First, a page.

Social Question

roundsquare's avatar

Does being blind (or deaf, or in any way missing a sense) give insights that the rest of us don't have?

Asked by roundsquare (5517points) June 21st, 2010

Could these insights be useful in areas that are unexpected? Finance, art, politics, science, etc…?

Note: I would be less surprised (but still interested) to hear about insights in areas like psychology.

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9 Answers

filmfann's avatar

My wife is deaf (and has no sense of smell, either). Her deafness caused her no to learn some of the ways hearing people bullshit others.
I have noticed this all over the deaf community. There is a total absence of bullshit among them.

SmoothEmeraldOasis's avatar

My son is slowly losing his eyesight due to some genetic disorder, and so he has learned to accept his fate and work with his slowly blurring world. I have seen him go through anger and depression and now he is warm and pleasant towards everyone. There is nothing that can be done and so he says that as long as he can see as clearly as he can he is going to enjoy life to the fullest. He is a self taught Bass guitar player and he has dyslexia and has had to deal with all that intails also. I can see what you say about there being now negative verbage towards any othe fellow citizen amongst the deaf community; which is so refreshing and, I sure wish that the hearing community that I belong to would be more cordial and forgiving. Thanks for sharing.

dpworkin's avatar

I think my girlfriend’s blindness is possibly somewhat helpful in her role as a psychotherapist. Any minority which is discriminated against can become more empathetic, so it may be difficult to tease out whether this is a product of blindness or of social ostracization.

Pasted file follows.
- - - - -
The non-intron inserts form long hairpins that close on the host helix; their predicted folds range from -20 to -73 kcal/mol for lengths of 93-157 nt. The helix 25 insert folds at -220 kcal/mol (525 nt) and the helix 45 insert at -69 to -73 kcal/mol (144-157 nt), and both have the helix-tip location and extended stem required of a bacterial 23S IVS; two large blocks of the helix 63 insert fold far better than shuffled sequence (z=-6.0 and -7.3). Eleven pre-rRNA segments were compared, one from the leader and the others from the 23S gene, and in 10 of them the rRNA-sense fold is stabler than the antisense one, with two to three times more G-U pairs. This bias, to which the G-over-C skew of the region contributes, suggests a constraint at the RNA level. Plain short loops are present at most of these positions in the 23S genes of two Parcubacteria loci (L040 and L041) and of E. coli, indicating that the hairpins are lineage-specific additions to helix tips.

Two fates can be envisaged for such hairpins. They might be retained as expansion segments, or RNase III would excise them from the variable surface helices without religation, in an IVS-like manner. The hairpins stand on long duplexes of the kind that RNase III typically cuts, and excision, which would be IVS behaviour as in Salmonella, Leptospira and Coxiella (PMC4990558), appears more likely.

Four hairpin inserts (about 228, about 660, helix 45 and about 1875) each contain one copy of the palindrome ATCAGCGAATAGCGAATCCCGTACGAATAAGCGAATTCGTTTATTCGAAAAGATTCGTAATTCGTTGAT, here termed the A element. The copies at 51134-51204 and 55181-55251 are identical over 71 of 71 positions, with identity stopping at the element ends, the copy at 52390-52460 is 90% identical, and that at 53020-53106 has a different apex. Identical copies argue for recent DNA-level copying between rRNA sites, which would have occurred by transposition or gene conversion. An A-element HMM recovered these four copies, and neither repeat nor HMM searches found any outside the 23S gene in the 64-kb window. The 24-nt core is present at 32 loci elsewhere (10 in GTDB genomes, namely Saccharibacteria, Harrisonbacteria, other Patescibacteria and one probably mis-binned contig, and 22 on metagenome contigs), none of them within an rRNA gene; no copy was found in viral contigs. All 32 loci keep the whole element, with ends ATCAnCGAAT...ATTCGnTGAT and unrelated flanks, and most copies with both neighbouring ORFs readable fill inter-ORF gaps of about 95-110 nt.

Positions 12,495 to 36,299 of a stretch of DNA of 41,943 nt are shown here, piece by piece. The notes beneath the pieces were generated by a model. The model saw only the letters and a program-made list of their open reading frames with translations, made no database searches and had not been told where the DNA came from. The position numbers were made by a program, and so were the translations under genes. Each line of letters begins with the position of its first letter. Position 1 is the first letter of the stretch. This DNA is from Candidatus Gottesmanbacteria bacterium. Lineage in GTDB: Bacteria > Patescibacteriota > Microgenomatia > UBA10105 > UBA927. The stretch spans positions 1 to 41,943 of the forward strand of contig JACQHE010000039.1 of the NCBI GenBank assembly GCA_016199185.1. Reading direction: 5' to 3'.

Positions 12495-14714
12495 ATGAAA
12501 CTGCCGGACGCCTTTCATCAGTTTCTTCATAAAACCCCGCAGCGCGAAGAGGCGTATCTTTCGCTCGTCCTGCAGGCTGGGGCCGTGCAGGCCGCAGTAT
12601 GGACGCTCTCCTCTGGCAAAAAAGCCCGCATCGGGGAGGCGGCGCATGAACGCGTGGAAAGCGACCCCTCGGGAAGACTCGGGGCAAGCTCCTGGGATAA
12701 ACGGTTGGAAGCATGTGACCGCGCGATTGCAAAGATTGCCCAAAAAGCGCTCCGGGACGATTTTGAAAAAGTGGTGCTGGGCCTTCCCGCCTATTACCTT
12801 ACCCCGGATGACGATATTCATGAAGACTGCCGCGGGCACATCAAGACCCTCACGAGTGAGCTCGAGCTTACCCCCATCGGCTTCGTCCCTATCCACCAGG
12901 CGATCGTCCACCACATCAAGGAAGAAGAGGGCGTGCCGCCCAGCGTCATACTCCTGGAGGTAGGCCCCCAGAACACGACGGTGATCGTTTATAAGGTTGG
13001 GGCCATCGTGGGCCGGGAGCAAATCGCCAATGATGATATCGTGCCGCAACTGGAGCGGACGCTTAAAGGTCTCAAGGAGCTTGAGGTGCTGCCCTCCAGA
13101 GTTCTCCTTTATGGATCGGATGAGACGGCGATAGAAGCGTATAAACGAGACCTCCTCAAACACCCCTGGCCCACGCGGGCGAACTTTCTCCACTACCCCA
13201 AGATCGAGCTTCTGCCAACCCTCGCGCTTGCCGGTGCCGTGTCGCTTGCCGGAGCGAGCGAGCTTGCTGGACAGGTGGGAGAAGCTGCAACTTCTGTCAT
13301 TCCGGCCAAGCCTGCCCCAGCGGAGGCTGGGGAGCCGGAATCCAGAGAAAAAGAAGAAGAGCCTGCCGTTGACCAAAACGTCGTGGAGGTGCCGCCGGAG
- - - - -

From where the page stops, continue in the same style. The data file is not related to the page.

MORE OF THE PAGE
john65pennington's avatar

My mother is deaf. this has caused her vision to improve at least 20%.

I am on my way to deafness myself, caused by my job. my sense of smell has also increased.

SmoothEmeraldOasis's avatar

Hmm…@john65pennington so what do you know of this condition? Maybe this is the reason or has a connection for my son being able to teach himself to play a string instrument, I know that his hearing is very sensitive?

Berserker's avatar

I think it probably does, all that stuff that must come with adapting, and dealing with other senses that may rise in its place, or if you were born deaf, or blind, you probably grow up to cope with it in ways that are unique to the situation, but what these psychological factors are, I wouldn’t know.

If nothing else though, Japan seems to have a thing for blind swordsmen.

roundsquare's avatar

@filmfann I’m curious, do think that thats inherent in the psychology of being deaf? Or is it a part of being deaf in a mostly non-deaf world?

filmfann's avatar

@roundsquare I have seen this in those who are mixed with hearing kids, and those who stick to the deaf community. I very much prefer their company.

SmoothEmeraldOasis's avatar

@filmfann you have given me something to think about and research. I shall get back at you all just as soon as I find something. Thanks for the insight. ;-)

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